Senior citizens qualify for protection from eviction if they (1) have an income not higher than three times the per capita (average) income in the county they live in or $50,000, whichever is greater; (2) have lived in the building for one year or have a lease with longer than a one-year term; (3) are over 62 years old; and (4) live in a building containing at least five rental apartments. Disabled people qualify if they are unable to work because of a physical or mental impairment, or they are veterans who have a service-connected disability of 60 percent or more. Disabled people must also meet the income standards and have lived in the building with at least ive rental units for one year, or have a lease with longer than a one-year term. Cite: N.J.S.A. 2A:18-61.24.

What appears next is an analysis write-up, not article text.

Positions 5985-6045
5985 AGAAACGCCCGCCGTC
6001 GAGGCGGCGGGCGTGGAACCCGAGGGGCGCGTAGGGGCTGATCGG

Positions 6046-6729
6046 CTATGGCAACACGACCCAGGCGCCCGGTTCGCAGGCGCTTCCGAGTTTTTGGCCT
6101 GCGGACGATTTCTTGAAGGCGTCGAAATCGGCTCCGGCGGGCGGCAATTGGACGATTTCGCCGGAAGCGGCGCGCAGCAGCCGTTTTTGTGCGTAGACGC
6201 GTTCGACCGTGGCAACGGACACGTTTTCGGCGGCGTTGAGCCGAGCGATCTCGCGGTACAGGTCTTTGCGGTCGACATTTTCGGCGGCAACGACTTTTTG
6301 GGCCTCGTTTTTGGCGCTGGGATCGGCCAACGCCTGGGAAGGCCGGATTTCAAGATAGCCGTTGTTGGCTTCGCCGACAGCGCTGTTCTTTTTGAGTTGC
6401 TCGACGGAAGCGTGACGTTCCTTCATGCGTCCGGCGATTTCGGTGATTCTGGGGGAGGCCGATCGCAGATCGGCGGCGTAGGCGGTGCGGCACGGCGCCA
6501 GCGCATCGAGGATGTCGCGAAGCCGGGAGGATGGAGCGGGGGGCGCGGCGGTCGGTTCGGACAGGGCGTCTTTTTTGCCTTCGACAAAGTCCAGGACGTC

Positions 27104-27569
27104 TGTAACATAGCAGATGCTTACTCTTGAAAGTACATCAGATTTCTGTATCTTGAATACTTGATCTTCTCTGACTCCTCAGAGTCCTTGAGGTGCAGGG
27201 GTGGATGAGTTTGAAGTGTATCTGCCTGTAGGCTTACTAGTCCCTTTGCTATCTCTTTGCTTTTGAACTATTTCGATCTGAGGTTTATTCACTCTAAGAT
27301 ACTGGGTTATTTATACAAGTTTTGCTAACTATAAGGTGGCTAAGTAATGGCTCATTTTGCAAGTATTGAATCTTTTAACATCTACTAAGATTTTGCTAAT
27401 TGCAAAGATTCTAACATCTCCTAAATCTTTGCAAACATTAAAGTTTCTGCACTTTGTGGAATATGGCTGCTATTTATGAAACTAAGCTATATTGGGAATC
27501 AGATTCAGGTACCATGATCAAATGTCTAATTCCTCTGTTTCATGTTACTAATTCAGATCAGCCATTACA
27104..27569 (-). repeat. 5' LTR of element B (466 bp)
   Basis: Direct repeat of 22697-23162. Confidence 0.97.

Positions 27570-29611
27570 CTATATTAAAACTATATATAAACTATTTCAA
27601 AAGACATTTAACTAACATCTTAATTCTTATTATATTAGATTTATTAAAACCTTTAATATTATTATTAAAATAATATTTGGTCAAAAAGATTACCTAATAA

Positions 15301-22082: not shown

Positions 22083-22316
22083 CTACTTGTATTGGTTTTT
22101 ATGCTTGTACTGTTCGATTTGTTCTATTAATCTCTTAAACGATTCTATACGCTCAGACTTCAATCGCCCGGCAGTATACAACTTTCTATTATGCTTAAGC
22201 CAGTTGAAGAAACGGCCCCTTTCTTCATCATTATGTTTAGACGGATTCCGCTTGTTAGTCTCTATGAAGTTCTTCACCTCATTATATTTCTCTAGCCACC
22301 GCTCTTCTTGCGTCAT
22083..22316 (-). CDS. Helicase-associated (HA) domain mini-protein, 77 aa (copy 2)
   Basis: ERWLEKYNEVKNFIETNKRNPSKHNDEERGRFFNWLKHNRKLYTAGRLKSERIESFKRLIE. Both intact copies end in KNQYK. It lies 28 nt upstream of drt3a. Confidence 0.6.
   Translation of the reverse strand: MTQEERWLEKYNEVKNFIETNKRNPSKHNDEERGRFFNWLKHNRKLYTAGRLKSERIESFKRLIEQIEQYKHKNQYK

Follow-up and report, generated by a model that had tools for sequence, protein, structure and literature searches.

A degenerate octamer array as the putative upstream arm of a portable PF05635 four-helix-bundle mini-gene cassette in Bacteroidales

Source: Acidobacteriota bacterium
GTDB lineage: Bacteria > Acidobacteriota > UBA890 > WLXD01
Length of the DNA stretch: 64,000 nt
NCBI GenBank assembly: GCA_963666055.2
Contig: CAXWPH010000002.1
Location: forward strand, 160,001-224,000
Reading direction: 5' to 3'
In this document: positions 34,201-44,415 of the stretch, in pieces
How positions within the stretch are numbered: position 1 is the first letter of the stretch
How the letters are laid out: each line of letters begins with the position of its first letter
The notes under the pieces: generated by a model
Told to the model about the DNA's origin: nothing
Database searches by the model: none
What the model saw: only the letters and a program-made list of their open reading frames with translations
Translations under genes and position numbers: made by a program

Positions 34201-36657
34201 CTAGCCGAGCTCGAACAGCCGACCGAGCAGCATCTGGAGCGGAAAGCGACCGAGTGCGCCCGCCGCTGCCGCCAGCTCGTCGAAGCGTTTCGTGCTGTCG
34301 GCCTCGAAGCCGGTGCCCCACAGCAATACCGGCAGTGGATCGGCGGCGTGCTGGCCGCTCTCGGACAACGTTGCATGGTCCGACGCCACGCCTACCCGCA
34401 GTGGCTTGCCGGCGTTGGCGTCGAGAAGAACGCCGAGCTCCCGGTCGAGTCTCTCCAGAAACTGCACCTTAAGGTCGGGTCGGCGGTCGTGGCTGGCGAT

How to apply for protection
The city or town will send an application form for protected tenancy to every tenant in the building before a landlord converts a building. Seniors or disabled tenants who wish to apply must fill out the form and return it to the town within 60 days of receipt. The tenant must also sign a written statement, sworn before a notary public, giving his or her income and stating that he or she has either lived in the apartment for one year or has a long-term lease.
The city must decide in writing within 30 days after the application is filed if the tenant qualifies. A tenant who qualifies is eligible for protection if the landlord goes ahead with the conversion. Cite: N.J.S.A. 2A:18-61.28.